Both of the above situations above create serious implications for the window manufacturer. Firstly, it is not possible with the 8-10mm sightline to create a 20-22mm pass through bar. Secondly, the products manufactured with the reduced sightline cannot be guaranteed to the pre-promised period of time. This leaves the window manufacturer in a position where they have to battle the conservation officer and project architect to break the slim double glazing specification or to back away from the project and lose the work. Ultimately, it is the client who suffers.
Further to the potential issues of slim double glazing units breaking down in service, the reduced sightline also causes increased rate of gas dissipation from the cavity. Obviously this means that the performance of the slim double glazing and therefore, the window as a whole, decreases substantially very early in its life. If you want to do further reading on the gas retention rates of slim double glazed units and the negative effect it will have on their performance, then I would recommend reading Double Glazing In Listed Buildings; Research report 2: Thermal performance Report commissioned by Changeworks on behalf of Historic Scotland, March 2010. This report demonstrates that these units are designed for aesthetics and not for performance.
UPDATE: The Glass and Glazing Federation (GGF) have now released a formal statement about slim double glazing with reduced sightlines. They are actively pursuing one supplier through trading standards and have promised to strike off any supplier offering these units from membership of their federation.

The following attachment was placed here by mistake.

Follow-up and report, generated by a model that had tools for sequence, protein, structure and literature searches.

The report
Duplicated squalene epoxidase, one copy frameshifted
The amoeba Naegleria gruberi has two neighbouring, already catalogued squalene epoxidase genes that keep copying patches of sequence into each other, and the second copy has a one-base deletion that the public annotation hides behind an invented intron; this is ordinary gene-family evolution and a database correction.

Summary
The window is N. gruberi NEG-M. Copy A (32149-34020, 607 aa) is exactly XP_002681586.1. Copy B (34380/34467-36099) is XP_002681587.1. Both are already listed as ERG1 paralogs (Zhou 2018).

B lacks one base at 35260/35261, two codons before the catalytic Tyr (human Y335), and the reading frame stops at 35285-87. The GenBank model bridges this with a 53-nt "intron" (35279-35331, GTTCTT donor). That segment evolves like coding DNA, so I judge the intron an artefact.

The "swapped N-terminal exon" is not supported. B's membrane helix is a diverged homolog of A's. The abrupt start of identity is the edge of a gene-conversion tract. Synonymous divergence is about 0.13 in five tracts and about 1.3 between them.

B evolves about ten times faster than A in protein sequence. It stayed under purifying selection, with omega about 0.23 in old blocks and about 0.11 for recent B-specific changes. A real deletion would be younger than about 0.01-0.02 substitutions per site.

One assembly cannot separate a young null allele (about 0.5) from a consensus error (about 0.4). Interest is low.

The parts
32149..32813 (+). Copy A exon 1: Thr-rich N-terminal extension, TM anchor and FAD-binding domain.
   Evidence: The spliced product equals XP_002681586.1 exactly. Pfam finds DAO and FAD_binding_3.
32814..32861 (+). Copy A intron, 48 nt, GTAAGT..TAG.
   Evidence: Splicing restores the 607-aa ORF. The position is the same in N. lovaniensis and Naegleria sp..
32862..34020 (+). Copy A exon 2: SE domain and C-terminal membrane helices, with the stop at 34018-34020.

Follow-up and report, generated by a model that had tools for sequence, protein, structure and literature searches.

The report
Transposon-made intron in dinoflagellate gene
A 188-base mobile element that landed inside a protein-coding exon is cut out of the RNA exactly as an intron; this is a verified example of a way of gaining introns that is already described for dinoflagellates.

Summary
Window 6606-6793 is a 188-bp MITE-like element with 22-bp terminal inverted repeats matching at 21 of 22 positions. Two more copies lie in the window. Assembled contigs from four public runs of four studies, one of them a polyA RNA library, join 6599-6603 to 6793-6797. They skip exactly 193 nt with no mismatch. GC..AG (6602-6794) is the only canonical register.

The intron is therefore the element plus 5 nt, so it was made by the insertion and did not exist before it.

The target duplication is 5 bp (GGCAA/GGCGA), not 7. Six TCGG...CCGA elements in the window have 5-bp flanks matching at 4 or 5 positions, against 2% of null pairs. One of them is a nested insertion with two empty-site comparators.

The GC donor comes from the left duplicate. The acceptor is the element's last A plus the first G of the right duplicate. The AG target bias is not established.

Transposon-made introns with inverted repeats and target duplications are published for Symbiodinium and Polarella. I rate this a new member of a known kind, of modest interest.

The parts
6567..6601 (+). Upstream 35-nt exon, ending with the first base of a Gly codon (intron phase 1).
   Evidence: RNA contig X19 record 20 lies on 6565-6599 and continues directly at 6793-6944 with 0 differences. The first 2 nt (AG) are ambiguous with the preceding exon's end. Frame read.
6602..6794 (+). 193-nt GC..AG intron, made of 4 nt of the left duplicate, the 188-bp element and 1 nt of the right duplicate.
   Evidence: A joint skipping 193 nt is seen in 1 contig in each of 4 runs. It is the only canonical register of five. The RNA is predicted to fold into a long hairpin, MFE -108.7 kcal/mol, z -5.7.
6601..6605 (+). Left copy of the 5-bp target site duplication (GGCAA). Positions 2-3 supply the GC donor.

What is the alternative?
Gowercroft are well known for our exceptional work on heritage and listed buildings, so we are frequently asked to manufacture high quality windows with slim double glazing; however, it does not fit within our ethics to provide a product which we know will not perform. This leaves us with a dilemma; turn away a good customer, or sell them a product with slim double glazing which we knew was inadequate.
We scoured the market and found the LandVac™ vacuum glazing product. After completing a major project in Richmond, London using hundreds of these units, we were sold. We set about to combine the LandVac™ units with other innovative materials to deliver a window range that delivered exceptional heritage appearance, market leading guarantees (for any window, not just heritage products) and impressive energy efficiency and sustainability performance. A photo of one of our successful projects using LandVac™ is shown in the featured image on this page. To read more about the products we created, click the links below:
The Richmond heritage flush casement window
The Winston heritage sliding sash window
These products will revolutionise the heritage window market and were winners of the Build It Awards “Best Windows” for 2017.
If you have an upcoming project and would like further information, an onsite demonstration of the product or a full tour of our Derbyshire workshop, then call us today!
Read more about Heritage Windows in our comprehensive Guide to Replacing Windows in Listed Buildings